In fact, today I went to see art downtown and I took along one of my favorite street and gallery shooting cameras, the woefully underestimated Panasonic GH2.  I coupled it with one of my favorite mini-format lenses, the Leica Summilux 25mm 1.4.  I could have reached into the drawer and pulled out a Hasselblad or a Nikon F or a Kodak full frame digital camera or a Sony camera or an Olympus m4:3 camera but I chose the GH2 for its stealth, its smooth working relationship with the Pan/Leica lens and its convenient size and weight.

In my mind the IQ stumbling block resides mostly these days with the IQs of the users and not the cameras.  I'm sure that the Olympus is somewhat better at very high ISOs and at image stabilization.  Neither of which I needed walking down the sunny streets of America's current most popular destination to relocate...  The trick with smaller sensor cameras and super high res cameras is to work as close to wide open as possible in order to minimize a phenomenon known as diffraction.  The further you stop down, after a certain point, the fuzzier your image gets.  Wow.  Science.  Light rays bending around the edge of a lens diaphragm.  Who would have thought?  Oh, yeah.  Real photographers figured that out back in the film days...

So higher ISO would have been counter productive.  And, already working at 1/1,000th of a second I didn't feel the need for lots of IS either.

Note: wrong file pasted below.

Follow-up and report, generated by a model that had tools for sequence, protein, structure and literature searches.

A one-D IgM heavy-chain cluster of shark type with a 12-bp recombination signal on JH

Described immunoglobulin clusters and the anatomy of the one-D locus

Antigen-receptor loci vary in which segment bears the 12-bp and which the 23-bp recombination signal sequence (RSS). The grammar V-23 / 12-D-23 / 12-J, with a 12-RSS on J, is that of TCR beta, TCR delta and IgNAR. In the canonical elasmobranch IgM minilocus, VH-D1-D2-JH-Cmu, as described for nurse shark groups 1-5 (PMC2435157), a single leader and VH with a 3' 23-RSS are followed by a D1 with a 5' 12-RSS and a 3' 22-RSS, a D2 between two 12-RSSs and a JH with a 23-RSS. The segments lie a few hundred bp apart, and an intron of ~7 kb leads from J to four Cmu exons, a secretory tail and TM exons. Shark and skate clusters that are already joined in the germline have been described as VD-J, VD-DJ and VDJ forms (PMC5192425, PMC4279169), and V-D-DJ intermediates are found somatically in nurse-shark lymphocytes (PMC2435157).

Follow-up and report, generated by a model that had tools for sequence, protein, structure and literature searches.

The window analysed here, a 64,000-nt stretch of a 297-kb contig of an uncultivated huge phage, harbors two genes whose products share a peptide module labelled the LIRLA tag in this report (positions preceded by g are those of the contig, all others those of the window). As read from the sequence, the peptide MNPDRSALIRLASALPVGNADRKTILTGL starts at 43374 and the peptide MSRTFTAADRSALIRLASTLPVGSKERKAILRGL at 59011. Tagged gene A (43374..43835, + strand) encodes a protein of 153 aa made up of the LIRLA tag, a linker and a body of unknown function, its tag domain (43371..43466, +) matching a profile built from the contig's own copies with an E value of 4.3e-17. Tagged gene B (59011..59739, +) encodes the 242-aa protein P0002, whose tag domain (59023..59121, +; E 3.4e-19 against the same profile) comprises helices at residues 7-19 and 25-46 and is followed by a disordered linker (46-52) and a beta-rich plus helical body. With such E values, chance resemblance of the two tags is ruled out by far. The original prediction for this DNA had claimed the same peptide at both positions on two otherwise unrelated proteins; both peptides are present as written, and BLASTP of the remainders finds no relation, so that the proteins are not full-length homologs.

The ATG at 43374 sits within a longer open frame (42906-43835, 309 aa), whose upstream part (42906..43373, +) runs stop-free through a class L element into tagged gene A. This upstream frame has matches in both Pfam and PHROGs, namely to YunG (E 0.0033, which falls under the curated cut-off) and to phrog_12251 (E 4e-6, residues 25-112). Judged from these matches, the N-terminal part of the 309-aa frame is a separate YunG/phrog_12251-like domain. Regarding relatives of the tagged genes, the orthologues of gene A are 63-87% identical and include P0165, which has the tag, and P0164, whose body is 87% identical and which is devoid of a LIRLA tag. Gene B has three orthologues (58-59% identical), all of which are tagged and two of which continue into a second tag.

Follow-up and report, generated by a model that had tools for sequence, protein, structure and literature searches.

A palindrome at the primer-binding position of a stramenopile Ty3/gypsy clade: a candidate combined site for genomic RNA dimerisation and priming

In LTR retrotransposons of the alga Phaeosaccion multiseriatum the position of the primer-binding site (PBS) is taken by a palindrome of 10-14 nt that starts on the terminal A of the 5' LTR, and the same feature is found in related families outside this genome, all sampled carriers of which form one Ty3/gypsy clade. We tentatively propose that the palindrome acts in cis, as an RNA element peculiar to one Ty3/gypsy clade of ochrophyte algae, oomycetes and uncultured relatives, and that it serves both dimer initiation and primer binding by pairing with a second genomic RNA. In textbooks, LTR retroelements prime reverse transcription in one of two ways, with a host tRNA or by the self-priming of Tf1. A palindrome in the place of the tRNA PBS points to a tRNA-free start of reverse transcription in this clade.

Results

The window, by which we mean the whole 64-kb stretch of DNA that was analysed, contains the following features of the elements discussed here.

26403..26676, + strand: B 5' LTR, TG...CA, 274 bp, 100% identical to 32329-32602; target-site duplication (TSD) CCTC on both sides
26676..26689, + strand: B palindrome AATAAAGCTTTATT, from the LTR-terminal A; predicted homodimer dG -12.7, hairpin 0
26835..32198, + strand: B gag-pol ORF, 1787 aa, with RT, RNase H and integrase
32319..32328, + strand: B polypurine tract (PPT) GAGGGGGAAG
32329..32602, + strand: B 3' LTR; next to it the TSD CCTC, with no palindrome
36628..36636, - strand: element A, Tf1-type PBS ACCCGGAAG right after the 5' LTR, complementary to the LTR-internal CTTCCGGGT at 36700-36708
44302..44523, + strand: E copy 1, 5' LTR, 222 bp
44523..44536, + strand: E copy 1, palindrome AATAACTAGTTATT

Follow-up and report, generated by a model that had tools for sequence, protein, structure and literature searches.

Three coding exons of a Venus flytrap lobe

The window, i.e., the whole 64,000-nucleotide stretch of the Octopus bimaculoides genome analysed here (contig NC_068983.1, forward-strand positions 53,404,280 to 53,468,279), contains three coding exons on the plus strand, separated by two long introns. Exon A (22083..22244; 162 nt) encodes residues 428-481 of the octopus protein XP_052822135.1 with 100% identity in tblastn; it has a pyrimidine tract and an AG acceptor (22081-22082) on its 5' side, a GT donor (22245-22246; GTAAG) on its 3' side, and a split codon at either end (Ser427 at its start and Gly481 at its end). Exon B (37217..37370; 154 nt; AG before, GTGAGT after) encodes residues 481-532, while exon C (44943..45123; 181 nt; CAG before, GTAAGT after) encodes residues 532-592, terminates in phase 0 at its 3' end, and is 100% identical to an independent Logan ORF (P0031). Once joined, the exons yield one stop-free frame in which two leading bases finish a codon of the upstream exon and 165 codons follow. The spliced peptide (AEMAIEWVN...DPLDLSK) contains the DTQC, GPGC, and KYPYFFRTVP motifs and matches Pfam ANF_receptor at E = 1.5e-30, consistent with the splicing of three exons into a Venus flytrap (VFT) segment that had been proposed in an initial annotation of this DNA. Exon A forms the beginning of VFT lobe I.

The cold, hard reality is that all the cameras on the market today are pretty darn good.  Especially when you consider that a huge, huge percentage of the images output are viewed at no larger than 1200 pixels wide on the web, and that fewer than 30% of all images generated by advertising and commercial photographers will run in printed applications.  Wow.  So Olympus was pretty much right on the money---for most users---when they said that 12 megapixels was the sweet spot for resolution.

People talk a lot about stuff but I'm not always sure they have any knowledge about the stuff they say.  Take the bad Panasonic Jpeg Color which I've heard about for years now.  Can you say user error? All the Jpeg parameters (sharpness, contrast and saturation) are controllable in the camera.  You can literally set the GH2 files to look the way you want them to.  Is it the camera's fault if you are too incompetent to read the manual and then change the settings to your liking?